You would hope that all the parties would get together and come up with something that we should all agree with. Or at least a truly independent body would annoy everyone equally by coming up with things that some like and some don’t.

Here’s how not to do it – let a Government which has more MPs than its vote share deserves change the rules to suit itself. That is far from democratic.

The Conservatives are looking to the example of the experts in voter suppression, the US Republicans, with their Elections Bill which comes before Parliament today. It is blatantly partisan in many aspects.

The first is that it compels voters to show ID to vote. They couch it in language around preventing fraud, which is pretty much non existent anyway. But you have to look at the impact that would have. Who would be most likely not to vote? People of colour, poorer people, younger people. In short, people who are less likely to vote Conservative.

The second is that it gives the Government more control over the Electoral Commission, which is supposed to be independent. Again, not a good sign.

The third is that it will constrain third party campaigners such as trade unions.

Don’t just take my word for it, take the word of someone who is both a former electoral commissioner and a Liberal Democrat. David Howarth was MP for Cambridge until 2010. He cautions us to make sure we don’t forget the other nasties the bill contains while we argue over Voter ID.

In an article for Open Democracy he sets out why the “poisonous” bill would cement Tory rule.

He describes how the Bill hands control of the Electoral Commission to Government ministers:

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Christine Jardine: Government should pay for medicinal cannabis prescriptions for children with Epilepsy

Surely any person, when the quality of life for a child is on the line, would quickly come to the conclusion that paying up is the right thing to do?

Ever since she was elected as MP for Edinburgh West, Christine Jardine has been pushing the Government to give access to medicinal cannabis particularly to children who suffer from rare forms of Epilepsy for whom it can make a huge difference.

She has seen at first hand how it can transform the lives of the children who take it. In her Scotsman column this week, she talks about Murray Gray, her young constituent, now thriving and living his best life. But a couple of years ago, the story was very different:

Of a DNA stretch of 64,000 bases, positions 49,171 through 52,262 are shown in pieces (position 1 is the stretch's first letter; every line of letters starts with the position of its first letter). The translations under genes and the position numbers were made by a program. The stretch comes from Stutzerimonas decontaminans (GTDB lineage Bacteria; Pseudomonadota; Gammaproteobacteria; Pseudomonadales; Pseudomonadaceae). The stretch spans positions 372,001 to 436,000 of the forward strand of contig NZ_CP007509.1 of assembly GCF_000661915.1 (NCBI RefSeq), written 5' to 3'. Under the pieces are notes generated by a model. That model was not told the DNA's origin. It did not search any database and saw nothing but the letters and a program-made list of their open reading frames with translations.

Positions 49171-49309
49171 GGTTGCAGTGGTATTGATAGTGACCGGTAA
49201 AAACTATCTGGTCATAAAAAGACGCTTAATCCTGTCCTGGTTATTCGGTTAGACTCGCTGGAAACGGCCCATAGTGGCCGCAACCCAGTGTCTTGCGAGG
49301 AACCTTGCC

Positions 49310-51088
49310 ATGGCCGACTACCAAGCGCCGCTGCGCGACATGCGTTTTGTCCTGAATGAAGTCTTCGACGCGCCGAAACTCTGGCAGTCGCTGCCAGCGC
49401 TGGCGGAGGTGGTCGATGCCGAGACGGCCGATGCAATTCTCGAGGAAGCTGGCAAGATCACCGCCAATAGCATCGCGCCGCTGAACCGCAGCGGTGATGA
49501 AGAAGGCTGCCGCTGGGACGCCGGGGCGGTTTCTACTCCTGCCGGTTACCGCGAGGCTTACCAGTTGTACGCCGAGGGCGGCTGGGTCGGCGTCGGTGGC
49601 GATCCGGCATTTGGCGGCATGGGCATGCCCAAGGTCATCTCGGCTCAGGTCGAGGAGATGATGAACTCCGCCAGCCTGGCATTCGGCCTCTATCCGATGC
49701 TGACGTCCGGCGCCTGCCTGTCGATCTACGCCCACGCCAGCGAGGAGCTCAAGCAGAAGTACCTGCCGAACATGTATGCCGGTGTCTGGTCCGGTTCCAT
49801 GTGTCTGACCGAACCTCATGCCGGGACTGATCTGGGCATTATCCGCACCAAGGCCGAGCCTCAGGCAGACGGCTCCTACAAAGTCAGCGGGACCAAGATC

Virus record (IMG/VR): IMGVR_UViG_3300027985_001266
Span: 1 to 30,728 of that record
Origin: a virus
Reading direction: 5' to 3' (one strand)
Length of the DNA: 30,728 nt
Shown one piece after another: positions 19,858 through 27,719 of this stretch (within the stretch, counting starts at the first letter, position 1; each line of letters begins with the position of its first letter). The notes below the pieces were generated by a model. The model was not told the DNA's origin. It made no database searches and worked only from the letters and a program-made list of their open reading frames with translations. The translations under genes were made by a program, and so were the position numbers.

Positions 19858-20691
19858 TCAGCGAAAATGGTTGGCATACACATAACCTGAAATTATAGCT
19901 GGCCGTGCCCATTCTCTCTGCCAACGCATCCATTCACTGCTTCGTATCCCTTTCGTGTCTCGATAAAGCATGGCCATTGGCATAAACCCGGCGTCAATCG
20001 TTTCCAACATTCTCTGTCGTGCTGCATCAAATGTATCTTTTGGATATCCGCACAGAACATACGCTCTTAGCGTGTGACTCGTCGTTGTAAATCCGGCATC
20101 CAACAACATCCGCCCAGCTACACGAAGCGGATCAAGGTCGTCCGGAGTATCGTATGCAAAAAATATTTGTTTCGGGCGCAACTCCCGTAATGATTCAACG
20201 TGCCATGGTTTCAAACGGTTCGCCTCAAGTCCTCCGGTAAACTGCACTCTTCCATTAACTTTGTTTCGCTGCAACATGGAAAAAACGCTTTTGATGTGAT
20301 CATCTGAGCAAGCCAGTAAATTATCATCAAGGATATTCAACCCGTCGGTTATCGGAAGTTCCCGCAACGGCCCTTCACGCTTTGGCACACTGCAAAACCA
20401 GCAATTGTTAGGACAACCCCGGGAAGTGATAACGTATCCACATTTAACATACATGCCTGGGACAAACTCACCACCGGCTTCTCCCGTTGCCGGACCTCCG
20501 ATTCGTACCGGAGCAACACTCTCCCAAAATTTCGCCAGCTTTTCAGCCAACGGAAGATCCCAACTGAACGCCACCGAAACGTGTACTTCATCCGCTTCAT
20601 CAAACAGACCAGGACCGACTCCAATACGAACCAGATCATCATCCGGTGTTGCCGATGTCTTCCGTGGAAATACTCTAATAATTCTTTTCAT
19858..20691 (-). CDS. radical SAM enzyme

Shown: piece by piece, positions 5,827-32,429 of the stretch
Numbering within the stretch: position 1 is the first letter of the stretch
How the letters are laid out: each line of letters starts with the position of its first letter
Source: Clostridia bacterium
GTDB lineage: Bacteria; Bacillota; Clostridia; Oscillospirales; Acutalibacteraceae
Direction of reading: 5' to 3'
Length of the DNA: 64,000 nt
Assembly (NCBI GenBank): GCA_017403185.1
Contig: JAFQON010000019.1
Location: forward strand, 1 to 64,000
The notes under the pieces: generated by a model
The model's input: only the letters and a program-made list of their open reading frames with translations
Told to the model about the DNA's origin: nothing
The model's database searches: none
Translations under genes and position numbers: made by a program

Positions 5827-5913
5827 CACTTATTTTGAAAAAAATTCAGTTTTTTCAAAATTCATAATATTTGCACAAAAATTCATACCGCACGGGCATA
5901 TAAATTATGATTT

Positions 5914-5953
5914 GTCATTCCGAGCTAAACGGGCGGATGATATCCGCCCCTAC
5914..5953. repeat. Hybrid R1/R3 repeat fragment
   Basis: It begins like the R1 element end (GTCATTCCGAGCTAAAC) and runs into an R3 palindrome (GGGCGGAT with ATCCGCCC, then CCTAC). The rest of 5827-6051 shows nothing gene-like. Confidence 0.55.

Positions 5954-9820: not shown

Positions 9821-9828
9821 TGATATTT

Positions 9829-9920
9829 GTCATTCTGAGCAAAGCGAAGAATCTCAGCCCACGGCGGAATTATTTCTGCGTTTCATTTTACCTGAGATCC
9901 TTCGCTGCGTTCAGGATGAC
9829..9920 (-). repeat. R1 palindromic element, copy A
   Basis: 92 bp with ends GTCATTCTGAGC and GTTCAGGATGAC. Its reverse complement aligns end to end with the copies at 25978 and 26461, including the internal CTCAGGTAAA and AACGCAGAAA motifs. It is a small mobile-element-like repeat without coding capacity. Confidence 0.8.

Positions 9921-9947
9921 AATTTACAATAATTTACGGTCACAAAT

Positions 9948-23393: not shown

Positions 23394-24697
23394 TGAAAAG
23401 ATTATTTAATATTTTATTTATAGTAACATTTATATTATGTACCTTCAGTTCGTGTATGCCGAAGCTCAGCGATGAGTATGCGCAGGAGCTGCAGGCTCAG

When his mum Karen first came to me, he was a very unwell little boy who was, as I explained, constantly in and out of hospital with dozens of seizures, and his family were worried they could lose him.

Now, since being prescribed cannabis oil, he is seizure free and a happy youngster who plays football with his dad and told me everything I needed to know about dinosaurs when he visited my office. This medication has given him a life he otherwise may not have had.

The problem is that although it is possible for children to be prescribed medicinal cannabis, the NHS is only paying for three of them. This means that parents like Karen Gray are having to pay £1500 per month to ensure that their children can get the medicine that is giving them such a good quality of life.

Late last night, Christine led the first adjournment debate of the new parliamentary term in which she and others pushed minister Jo Churchill to ensure that in the short term, at least, the Government should pay for the children’s prescriptions until more clinicians are wiling to prescribe it. She outlined the problem:

When the then Home Secretary agreed that medicinal cannabis would be legal for use in the United Kingdom, I think we all believed that parents would no longer be forced to watch their children suffer, knowing that a treatment was available. What has happened since is heartbreaking. In the intervening years, they have been forced to source medication themselves, sometimes travel abroad—again at huge cost—to collect it, challenge the medical authorities and face rejection and repeated appeals for NHS prescriptions.